Today is the first of at least five meetings between President Obama and his national-security team to re-examine the strategy for Afghanistan and Pakistan. The president is certainly entitled to engage in intensive discussions on a matter of this magnitude—though it should be said that (a) it’s not as if the issues haven’t been known for quite some time now, and that (b) according to General Stanley McChrystal, who is leading our effort in Afghanistan, there is a particular urgency to making a decision. If McChrystal doesn’t get the additional troops he needs within the next year, his mission will “likely result in failure.” So time is of the essence.
As President Obama reassesses his commitment to the Afghanistan war, he might bear in mind the words of Dean Acheson, President Truman’s secretary of state, who wrote this in his extraordinary memoir Present at the Creation:
No one can decide and act who is beset by second thoughts, self-doubt, and that most enfeebling of emotions, regret. With the President a decision made was done with and he went on to another. He learned from mistakes (though he seldom admitted them), and did not waste time bemoaning them. . . . The capacity for decision, however, does not produce, of itself, wise decisions. For that a President needs a better eye and more intuition and coordination than the best batters in the major leagues. If his score is not far better than theirs, he will be rated a failure. But the metaphor is inadequate; it leaves out the necessary creativity. A President is not merely coping with the deliveries of others. He is called upon to influence and move to some degree his own country and the world around it to a purpose that he envisions.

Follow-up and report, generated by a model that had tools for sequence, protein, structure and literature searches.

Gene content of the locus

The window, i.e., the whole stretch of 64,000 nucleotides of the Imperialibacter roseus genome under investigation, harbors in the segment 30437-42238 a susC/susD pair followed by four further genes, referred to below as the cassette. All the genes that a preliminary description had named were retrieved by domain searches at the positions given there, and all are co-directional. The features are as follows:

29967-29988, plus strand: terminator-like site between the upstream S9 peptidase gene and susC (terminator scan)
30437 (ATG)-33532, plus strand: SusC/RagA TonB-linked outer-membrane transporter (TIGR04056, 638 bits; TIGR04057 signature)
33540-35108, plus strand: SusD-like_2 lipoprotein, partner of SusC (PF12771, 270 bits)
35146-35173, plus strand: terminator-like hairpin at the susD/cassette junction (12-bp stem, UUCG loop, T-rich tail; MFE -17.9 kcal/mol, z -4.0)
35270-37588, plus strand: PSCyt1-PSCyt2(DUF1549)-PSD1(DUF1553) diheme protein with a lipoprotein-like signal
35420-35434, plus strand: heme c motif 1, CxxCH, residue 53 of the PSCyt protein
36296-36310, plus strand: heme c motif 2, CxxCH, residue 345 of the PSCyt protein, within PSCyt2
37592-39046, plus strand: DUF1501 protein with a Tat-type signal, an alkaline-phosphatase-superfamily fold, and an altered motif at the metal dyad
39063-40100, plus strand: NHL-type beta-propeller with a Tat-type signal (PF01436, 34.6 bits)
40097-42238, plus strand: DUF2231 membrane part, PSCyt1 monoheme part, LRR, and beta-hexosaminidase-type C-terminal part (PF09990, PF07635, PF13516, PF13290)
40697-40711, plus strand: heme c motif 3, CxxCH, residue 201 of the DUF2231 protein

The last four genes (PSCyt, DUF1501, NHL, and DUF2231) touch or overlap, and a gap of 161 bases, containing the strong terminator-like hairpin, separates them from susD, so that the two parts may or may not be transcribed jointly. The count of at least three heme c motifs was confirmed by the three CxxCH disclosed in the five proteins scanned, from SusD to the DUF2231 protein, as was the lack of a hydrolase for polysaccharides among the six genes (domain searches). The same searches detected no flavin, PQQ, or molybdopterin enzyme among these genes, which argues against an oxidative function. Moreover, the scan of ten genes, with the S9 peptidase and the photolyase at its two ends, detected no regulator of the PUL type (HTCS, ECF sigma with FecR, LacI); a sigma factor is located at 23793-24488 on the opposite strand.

We escaped, however, from what can be, and often has been . . . endless discussion and inability to decide. General Marshall’s often-quoted ejaculation — “Don’t fight the problem. Decide it!” — put an end to this tendency in his day.
[Truman] learned also, and learned quickly, the limits of international organization and agreement as means of decision and security in a deeply divided world. Released from the acceptance of a dogma that builders and wreckers of a new world order could and should work happily and successfully together, he was free to combine our power and coordinate our action with those who did have a common purpose.
Free of the greatest vice in a leader, [Truman’s] ego never came between him and his job. He saw his job and its needs without distortion from that astigmatism.
President Obama could do much worse than read, and learn from, Acheson’s book—perhaps during his flight to Copenhagen, on behalf of Chicago, later this week.